Innovation

Woman Receives First Successful Heart Transplant Using Experimental Artificial Heart

heart transplant
Woman becomes the first in the world to be outfitted with a smaller, experimental type of artificial heart. Commander, U.S. 7th Fleet CC BY-SA 2.0

A 44-year-old woman received the first successful heart transplant thanks to an investigative version of a Total Artificial Heart.

The woman was the first person in California to receive the experimental, smaller, Total Artificial Heart, and the first person in the world with the device to be successfully bridged to a transplant — meaning she went from needing a transplant to actually receiving one.

The 50cc SynCardia temporary total artificial heart is the smaller version of the 70cc SynCardia heart, which was approved for use in people awaiting a transplant by the FDA in 2004, and has been used by over 1,440 patients worldwide. The 50cc is designed for use in smaller patients — this includes most women, adolescents, and some men. The device is used for patients with biventrical heart failure, meaning both sides of the heart are failing to pump blood enough to sustain the body.

Nemah Kahala, a petite wife and mother of five, was suffering from restrictive heart muscle disease and was transferred to UCLA in critical condition this March. Her condition was so advanced that even repair surgery and mechanical assist devices could not help. She was placed on a life support system, and the FDA approved a one-time emergency use of the experimental device.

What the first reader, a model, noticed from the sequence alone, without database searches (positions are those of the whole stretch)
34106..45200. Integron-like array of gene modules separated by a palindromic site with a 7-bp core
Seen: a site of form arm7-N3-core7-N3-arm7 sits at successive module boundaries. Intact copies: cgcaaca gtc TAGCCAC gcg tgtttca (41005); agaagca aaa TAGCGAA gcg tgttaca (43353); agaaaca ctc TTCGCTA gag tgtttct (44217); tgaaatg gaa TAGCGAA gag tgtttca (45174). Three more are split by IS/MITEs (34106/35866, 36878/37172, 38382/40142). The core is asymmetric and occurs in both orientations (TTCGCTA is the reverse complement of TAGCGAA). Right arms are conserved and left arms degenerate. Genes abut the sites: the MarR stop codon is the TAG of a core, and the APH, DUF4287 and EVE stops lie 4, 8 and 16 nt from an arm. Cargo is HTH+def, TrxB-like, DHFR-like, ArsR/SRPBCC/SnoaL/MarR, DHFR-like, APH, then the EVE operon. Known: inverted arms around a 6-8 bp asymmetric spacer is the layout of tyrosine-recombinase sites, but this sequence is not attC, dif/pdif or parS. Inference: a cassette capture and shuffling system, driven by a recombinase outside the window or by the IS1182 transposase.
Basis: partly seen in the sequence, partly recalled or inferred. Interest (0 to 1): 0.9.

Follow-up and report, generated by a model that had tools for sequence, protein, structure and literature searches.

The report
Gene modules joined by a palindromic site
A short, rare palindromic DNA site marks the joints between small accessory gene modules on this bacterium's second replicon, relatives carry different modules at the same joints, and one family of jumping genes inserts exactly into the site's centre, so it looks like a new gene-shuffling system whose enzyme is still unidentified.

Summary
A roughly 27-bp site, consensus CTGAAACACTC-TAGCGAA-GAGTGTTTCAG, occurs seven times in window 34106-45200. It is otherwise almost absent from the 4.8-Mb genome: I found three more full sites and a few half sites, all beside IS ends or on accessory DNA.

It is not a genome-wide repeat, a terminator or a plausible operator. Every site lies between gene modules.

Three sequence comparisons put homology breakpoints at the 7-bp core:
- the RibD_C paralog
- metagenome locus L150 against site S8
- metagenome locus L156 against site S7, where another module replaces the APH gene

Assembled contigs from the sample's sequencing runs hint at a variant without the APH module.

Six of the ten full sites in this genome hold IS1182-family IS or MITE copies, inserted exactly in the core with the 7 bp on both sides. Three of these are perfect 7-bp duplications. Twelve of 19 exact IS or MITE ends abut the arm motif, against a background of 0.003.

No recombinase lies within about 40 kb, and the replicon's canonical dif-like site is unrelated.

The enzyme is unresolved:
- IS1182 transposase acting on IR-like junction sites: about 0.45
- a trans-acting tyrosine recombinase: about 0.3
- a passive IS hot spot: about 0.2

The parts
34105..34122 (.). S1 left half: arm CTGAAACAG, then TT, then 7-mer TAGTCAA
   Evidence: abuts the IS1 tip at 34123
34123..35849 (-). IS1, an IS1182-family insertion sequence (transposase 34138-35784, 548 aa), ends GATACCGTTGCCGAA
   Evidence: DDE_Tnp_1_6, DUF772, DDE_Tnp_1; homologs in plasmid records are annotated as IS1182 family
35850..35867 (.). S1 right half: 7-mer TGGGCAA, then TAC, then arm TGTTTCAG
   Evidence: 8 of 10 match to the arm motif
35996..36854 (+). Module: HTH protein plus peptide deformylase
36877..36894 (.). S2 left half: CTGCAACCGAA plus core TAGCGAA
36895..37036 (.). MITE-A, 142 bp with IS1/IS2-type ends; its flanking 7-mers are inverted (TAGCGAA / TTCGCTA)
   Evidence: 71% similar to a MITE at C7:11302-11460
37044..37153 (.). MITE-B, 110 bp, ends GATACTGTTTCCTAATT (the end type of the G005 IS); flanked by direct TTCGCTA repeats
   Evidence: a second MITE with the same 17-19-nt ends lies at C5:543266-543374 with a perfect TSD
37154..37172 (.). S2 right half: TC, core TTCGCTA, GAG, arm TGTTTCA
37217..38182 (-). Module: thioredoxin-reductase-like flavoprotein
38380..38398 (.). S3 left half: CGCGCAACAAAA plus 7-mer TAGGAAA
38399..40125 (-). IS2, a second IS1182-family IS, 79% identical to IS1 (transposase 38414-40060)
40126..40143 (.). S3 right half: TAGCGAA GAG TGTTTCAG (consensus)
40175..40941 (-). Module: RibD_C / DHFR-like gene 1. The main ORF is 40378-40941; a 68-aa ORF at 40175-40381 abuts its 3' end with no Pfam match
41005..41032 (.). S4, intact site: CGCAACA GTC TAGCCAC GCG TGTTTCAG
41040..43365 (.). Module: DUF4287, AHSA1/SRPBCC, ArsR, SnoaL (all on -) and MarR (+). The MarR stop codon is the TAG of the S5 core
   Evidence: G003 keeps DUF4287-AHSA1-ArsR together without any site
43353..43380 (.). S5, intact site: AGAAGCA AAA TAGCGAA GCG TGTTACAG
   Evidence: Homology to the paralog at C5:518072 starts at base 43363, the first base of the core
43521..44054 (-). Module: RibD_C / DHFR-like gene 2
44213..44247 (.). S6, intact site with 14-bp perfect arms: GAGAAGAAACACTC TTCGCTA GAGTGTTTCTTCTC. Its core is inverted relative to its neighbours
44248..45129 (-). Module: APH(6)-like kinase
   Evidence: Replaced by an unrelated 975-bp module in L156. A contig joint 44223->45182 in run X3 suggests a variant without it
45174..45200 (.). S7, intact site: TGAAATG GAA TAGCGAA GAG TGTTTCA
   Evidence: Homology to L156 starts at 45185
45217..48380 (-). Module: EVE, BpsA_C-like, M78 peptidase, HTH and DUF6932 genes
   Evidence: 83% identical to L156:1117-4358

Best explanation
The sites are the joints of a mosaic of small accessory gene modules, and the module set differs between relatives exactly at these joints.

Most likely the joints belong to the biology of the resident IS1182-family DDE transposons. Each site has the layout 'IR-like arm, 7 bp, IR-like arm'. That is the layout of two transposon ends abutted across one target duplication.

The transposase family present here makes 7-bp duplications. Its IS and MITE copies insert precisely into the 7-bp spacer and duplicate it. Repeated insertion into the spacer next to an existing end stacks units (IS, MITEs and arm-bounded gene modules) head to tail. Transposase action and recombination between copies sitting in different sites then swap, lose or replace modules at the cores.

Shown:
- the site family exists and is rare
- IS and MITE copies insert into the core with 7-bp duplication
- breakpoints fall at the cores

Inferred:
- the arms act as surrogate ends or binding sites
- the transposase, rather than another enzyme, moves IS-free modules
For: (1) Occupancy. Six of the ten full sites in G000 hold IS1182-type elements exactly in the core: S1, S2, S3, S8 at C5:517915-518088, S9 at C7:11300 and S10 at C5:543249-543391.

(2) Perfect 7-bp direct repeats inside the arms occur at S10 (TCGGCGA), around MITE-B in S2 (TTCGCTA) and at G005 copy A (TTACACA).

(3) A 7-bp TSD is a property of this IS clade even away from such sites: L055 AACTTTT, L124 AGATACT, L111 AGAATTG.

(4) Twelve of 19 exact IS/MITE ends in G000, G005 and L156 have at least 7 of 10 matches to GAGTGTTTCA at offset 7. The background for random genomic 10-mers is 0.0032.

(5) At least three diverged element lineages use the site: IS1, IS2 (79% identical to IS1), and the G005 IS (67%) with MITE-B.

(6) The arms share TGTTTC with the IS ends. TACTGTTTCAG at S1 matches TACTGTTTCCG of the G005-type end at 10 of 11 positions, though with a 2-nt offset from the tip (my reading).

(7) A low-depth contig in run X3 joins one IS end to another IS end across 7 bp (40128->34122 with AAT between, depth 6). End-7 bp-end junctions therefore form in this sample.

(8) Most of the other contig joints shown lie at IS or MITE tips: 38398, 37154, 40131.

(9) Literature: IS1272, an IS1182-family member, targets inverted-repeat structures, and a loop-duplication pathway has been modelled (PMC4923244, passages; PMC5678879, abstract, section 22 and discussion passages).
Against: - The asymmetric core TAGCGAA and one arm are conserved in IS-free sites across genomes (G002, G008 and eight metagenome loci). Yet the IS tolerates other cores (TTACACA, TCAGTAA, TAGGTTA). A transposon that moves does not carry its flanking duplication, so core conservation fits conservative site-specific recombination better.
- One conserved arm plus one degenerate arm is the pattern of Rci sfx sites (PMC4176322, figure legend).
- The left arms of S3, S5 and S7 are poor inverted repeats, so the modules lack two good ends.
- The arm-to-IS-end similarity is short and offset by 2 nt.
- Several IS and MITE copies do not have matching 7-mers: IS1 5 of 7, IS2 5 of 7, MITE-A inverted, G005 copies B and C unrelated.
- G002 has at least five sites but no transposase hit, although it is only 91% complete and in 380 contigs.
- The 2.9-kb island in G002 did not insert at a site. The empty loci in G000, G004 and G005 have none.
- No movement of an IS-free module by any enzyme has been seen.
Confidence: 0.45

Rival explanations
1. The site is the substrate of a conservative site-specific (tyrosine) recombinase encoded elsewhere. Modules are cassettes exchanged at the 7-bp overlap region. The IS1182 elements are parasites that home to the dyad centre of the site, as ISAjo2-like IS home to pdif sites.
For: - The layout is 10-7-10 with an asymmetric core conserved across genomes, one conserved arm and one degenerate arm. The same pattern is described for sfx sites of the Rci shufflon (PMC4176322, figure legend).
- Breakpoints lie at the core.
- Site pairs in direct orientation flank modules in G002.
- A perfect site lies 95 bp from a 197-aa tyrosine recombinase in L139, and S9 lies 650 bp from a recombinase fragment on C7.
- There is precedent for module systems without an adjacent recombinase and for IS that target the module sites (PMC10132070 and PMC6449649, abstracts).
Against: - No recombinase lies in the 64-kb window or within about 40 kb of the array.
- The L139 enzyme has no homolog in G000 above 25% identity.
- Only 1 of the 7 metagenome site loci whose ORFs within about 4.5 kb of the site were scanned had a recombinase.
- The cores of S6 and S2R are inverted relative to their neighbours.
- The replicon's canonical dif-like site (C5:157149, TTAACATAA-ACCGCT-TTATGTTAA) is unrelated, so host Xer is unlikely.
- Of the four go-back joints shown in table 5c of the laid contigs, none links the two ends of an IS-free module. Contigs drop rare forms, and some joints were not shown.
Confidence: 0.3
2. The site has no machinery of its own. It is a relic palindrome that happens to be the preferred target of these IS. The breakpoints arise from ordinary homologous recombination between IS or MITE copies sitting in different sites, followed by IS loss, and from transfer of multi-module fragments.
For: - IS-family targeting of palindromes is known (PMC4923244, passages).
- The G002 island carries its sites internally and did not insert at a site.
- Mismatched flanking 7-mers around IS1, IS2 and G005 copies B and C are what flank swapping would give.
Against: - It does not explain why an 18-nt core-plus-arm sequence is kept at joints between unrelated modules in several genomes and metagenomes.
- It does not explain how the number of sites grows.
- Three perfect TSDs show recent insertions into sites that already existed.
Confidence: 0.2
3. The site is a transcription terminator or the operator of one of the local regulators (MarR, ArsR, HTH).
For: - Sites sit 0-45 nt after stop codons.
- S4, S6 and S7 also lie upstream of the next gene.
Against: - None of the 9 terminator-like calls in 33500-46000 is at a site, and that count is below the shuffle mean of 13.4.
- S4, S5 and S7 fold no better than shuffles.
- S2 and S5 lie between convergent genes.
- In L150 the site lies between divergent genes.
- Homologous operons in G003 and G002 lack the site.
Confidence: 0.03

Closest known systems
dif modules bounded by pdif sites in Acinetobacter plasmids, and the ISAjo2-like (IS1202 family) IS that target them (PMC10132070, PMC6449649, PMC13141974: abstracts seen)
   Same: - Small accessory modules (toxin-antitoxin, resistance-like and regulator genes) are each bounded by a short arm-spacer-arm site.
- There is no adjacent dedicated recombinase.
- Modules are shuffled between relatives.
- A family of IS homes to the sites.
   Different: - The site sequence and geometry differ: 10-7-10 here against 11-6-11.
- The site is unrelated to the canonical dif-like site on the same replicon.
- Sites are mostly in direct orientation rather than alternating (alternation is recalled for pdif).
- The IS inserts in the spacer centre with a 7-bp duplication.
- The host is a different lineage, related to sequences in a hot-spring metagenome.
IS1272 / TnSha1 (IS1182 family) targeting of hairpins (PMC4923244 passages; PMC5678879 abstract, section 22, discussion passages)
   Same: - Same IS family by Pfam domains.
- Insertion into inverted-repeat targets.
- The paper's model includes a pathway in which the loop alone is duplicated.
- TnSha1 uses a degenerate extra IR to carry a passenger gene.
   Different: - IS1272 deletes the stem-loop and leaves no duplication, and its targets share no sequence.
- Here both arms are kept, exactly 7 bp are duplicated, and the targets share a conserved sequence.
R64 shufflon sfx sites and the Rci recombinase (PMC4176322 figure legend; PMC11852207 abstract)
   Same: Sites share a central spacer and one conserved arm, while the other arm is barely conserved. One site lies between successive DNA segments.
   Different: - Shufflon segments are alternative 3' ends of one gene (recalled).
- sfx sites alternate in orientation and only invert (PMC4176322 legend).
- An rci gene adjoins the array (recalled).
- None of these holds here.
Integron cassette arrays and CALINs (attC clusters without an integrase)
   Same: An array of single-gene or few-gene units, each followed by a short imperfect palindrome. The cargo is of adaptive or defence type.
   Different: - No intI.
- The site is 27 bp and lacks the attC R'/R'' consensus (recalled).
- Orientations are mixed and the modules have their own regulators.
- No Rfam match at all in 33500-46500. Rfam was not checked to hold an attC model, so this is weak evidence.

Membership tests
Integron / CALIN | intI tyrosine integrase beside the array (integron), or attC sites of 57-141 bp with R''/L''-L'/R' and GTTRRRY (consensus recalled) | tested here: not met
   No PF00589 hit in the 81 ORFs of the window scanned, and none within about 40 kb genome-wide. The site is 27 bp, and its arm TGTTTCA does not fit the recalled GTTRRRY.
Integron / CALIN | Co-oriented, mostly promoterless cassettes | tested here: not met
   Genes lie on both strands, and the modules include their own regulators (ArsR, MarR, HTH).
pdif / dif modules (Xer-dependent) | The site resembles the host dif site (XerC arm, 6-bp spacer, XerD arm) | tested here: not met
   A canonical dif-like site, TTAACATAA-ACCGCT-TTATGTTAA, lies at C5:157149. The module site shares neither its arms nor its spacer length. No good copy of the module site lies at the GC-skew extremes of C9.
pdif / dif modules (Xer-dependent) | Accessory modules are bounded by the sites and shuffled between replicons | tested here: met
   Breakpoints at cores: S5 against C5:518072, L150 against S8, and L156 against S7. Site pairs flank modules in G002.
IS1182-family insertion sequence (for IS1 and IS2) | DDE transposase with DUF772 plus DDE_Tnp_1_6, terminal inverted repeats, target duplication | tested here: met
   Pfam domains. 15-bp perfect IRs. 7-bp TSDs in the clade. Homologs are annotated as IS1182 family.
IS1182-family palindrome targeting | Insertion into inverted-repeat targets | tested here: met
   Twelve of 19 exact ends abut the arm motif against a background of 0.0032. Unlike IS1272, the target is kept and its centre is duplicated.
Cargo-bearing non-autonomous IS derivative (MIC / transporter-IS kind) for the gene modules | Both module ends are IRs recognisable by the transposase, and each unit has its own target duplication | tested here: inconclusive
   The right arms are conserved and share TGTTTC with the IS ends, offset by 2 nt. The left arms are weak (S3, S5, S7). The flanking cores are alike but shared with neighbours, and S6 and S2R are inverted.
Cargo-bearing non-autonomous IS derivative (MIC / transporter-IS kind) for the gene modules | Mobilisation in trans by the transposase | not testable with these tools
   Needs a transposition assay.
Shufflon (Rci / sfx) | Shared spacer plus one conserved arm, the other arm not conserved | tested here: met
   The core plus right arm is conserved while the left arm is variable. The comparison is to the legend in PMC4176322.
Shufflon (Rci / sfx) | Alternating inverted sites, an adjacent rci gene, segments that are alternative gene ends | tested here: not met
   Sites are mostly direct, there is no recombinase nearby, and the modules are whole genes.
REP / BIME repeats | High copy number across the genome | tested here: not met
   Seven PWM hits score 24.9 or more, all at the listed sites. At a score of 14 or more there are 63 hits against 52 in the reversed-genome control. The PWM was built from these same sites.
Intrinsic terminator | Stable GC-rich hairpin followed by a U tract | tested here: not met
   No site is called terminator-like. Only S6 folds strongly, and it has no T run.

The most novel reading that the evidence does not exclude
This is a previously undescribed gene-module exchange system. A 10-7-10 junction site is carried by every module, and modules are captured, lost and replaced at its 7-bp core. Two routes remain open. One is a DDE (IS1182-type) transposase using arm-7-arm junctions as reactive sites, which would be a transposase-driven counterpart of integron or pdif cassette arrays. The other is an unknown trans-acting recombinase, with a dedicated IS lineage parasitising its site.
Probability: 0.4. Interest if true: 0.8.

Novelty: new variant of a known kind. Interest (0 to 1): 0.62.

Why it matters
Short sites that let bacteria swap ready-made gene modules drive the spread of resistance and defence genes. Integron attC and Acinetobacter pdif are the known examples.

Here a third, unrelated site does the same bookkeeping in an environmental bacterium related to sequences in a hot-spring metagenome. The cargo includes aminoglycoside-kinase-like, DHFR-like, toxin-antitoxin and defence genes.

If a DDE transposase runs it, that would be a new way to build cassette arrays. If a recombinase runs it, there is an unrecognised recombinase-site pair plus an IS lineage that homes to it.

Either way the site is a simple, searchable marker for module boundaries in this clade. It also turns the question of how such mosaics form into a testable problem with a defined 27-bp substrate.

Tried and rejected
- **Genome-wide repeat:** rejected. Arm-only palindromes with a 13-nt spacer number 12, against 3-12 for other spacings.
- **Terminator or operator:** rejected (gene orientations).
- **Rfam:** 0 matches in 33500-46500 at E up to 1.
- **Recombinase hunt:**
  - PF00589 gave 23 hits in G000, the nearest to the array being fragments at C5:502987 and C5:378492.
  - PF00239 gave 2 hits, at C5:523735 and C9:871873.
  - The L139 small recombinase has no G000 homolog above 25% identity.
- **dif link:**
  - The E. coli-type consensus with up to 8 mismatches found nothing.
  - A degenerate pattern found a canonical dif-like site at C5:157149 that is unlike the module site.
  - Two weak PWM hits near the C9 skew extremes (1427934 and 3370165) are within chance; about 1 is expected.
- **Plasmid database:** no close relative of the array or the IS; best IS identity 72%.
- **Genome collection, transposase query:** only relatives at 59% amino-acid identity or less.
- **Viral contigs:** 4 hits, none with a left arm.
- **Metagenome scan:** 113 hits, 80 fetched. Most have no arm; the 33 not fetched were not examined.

“Mrs. Kahala’s condition was deteriorating so rapidly that she would have not survived while waiting for a transplant,” said her surgeon, Dr. Abbas Ardehali, a professor of cardiothoracic surgery and director of the UCLA Heart and Lung Transplant Program said in a press release.

The heart device provided an immediate flow of blood to help organs recover, and make patients better candidates for transplants. Two weeks after the transplant, Kahala was strong enough to be placed on the transplant waiting list — a week later she was matched with a donor.

“In addition to the high-tech medicine that kept her alive, Mrs. Kahala and her family have exemplified how a solid support system that includes loved ones and a compassionate medical team practicing what we at UCLA have termed ‘Relational Medicine’ plays an important role in surviving a medical crisis,” said Dr. Mario Deng, professor of medicine and medical director of the Advanced Heart Failure, Mechanical Support and Heart Transplant program at UCLA said in a press release.

The Heart Transplant Program has implemented eight of the 70cc SynCardia Total Artificial Hearts since 2012, but the FDA cautions that the 50cc is still an investigational device.

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